We're not talking about movie moguls of course. The “great producers” referred to here are those who make the sales, bring in new business and keep clients satisfied in agencies across the country.
According to Property Casualty 360, firms recruiting the best-producing prospects must heed several important factors. Otherwise, firms risk falling into the pit of failure; nearly half of new producer hires last a year or less on the job.
Define your Agency's Hiring Needs
Prior to any employee search, figure out what the firm needs. Go beyond just determining seven people are needed in the sales division. Rather, look at specific qualifications that distinguish potential producers. Someone with a technical background better suits a tech company, just as someone with several languages under their belt is a valuable asset in a multi-cultural area.
Defining hiring needs helps create useful job descriptions, ones that contain specifics on qualifications, experience and education requirements. Beyond that, the process helps hone the concept of the perfect person to deal with specific situations commonly encountered with clients and competitors.
Identify the Type of Hire that Best Fits the Firm
Consider company culture issues. Some good producers are brash, with strong personalities, unafraid to push boundaries others consider dear. Some may feel put out by them, resenting their presence. Often, a new hire may have very different ideas and practices for producing business. Times change, as do business tactics. A new producer with fresh approaches may be just what a firm needs, but adjusting to his or her presence may present issues.
Traits of Great Insurance Producers
InsightSquared recommends looking for the following things in evaluating potential producing hires:
- The ability to be conscientious
- A willingness to be coached
- Possessing intelligence
- A record of previous successes
- A sense of passion
In terms of being conscientious, it is all about getting the job done. Call it grit, stick-to-itiveness or plain stubbornness. Being conscientious means doing the job you promised to do. Combine that with someone who can put their ego in check long enough to accept some well-presented, useful coaching and then the beginnings of a great producer take shape.
You want smart people working for you. Some people are so glib that they hide their lack of true intelligence until really put to the test in real-life situations. Sometimes, intelligence can be determined by evaluating the candidate’s prior successes. Not all candidates will have industry specific successes to offer, however. New graduates may lack these experiences, but often, their school activities give an indication of their potential for success.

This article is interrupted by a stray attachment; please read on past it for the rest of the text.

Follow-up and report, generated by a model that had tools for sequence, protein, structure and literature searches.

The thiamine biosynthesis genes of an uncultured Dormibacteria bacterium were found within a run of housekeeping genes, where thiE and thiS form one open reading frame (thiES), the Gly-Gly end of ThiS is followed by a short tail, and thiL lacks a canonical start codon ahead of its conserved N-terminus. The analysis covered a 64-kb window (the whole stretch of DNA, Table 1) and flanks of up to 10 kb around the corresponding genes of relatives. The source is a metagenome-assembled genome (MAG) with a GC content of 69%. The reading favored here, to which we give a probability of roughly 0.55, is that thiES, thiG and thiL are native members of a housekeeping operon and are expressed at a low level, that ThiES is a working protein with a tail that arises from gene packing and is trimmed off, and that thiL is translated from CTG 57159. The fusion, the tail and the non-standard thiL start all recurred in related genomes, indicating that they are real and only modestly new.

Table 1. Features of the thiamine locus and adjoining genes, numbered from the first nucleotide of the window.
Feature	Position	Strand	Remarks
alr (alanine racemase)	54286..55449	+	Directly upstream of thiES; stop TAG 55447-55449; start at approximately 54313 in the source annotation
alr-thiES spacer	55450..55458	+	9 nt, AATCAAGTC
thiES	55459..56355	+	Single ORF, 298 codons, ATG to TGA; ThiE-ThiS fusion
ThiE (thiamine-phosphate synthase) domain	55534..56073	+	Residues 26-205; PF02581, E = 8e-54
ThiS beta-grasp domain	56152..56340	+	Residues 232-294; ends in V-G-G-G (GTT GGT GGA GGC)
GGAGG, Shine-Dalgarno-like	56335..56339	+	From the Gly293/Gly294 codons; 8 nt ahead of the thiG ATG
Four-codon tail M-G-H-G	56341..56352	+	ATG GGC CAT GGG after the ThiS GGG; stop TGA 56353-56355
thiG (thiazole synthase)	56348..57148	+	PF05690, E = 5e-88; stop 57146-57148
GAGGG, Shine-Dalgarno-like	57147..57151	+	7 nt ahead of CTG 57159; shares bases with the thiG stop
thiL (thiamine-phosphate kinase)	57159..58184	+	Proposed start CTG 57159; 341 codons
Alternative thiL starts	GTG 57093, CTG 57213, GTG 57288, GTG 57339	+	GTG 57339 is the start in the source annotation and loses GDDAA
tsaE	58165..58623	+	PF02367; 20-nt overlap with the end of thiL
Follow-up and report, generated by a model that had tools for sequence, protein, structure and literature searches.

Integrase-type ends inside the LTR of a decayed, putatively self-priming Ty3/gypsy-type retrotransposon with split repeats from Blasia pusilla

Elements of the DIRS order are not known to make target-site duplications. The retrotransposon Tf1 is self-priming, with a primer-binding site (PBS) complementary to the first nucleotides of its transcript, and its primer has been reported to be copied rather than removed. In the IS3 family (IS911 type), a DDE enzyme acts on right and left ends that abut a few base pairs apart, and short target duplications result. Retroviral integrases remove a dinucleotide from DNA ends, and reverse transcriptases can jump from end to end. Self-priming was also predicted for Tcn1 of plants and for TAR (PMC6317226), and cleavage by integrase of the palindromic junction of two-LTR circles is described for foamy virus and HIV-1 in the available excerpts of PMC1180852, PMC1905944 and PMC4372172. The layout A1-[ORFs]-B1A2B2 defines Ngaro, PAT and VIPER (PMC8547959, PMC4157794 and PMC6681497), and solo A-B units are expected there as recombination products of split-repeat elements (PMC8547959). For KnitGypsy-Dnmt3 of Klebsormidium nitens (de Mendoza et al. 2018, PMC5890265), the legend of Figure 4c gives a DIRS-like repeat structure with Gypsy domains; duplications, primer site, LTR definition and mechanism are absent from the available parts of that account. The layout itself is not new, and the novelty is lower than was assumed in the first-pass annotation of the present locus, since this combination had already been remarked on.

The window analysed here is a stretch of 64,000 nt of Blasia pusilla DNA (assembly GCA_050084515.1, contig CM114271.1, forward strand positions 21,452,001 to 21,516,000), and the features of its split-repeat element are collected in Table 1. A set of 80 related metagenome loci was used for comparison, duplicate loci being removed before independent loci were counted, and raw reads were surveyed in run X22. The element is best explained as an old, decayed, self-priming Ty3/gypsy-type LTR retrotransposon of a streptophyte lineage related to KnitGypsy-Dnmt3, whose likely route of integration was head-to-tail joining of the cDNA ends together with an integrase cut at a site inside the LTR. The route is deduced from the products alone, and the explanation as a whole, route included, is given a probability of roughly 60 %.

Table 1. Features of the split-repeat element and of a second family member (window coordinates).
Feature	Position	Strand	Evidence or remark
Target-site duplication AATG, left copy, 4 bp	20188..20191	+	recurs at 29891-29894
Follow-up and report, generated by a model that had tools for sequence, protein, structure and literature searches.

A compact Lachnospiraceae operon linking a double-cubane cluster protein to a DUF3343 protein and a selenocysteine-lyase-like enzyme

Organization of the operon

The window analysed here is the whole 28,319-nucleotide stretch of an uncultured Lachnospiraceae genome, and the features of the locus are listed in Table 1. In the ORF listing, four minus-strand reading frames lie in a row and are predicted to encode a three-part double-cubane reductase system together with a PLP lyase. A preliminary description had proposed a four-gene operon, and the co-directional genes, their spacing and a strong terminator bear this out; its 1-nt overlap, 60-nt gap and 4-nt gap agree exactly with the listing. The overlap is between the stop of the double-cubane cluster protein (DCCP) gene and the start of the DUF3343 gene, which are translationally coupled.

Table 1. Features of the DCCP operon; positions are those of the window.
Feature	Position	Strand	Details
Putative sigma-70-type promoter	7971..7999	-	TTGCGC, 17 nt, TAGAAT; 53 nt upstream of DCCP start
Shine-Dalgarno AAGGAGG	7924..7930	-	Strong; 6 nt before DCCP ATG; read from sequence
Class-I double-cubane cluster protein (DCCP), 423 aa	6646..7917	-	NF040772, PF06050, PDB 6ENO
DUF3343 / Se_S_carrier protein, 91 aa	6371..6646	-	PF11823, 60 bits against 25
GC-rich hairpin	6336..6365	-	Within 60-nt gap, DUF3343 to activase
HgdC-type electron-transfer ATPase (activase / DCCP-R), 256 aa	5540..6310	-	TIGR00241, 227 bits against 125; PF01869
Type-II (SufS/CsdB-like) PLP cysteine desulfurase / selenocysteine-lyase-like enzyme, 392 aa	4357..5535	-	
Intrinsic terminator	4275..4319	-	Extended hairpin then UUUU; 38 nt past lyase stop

Place a value on passion, as well. There is a reason why so many producers seem to take up all the space in a room. Successful people have a passion for what they do. Nothing can replace that quality.
Firms at a total loss regarding what to look for in a job candidate might consider asking their clients what they prefer in salespeople they deal with. As suggested by Geoffrey James in an article in Inc.com, “The more you find out about the environment in which your sales rep will be selling, the better you'll be able to decide whether a particular candidate is right for the job.”
Have a Plan for Attracting the Best Candidates
Attracting a great producer may entail sprucing up a business, from clearing out non-productive employees to remodeling the offices. Hand in hand with creating an environment where prospective hires will want to come to work is identifying sources of candidates. Poaching from other companies is a time-honored method of finding new hires.
However, taking the high road never hurts. Look to career counseling offices in area colleges for eager young hires. Ask around: Both friends and business associates may know someone who would be a great candidate.
Implement a Standardized Process for Evaluating Candidates
Many firms ignore the importance of figuring out what they need, even to the point of not having a clear idea of how to evaluate candidates fairly and efficiently. Even using different people to interview candidates results in different opinions on the same person. And some interviewers have the ability to present a position in a better light than others do. A poor interviewer could result in losing a great producer.
At the very least, use a written checklist of qualifications, experience and responses to industry-specific questions in every interview and other evaluation activity.
Invest in Training and Acclimating Hires
The hiring process takes up a great deal of time and costs money, from background checks to drug testing. Protect the investment in hiring by having a program in place to acclimate and introduce the new employee. Every man for himself is the stuff of sales legends, but the actual payoff of such an approach is debatable.
If the new employee has a good deal of experience, be sure there are open lines of communication on how their methods can be integrated into the company’s existing protocols.
You can also ignore all this and take your chances. But you may have to go through the entire process again in a year – or less.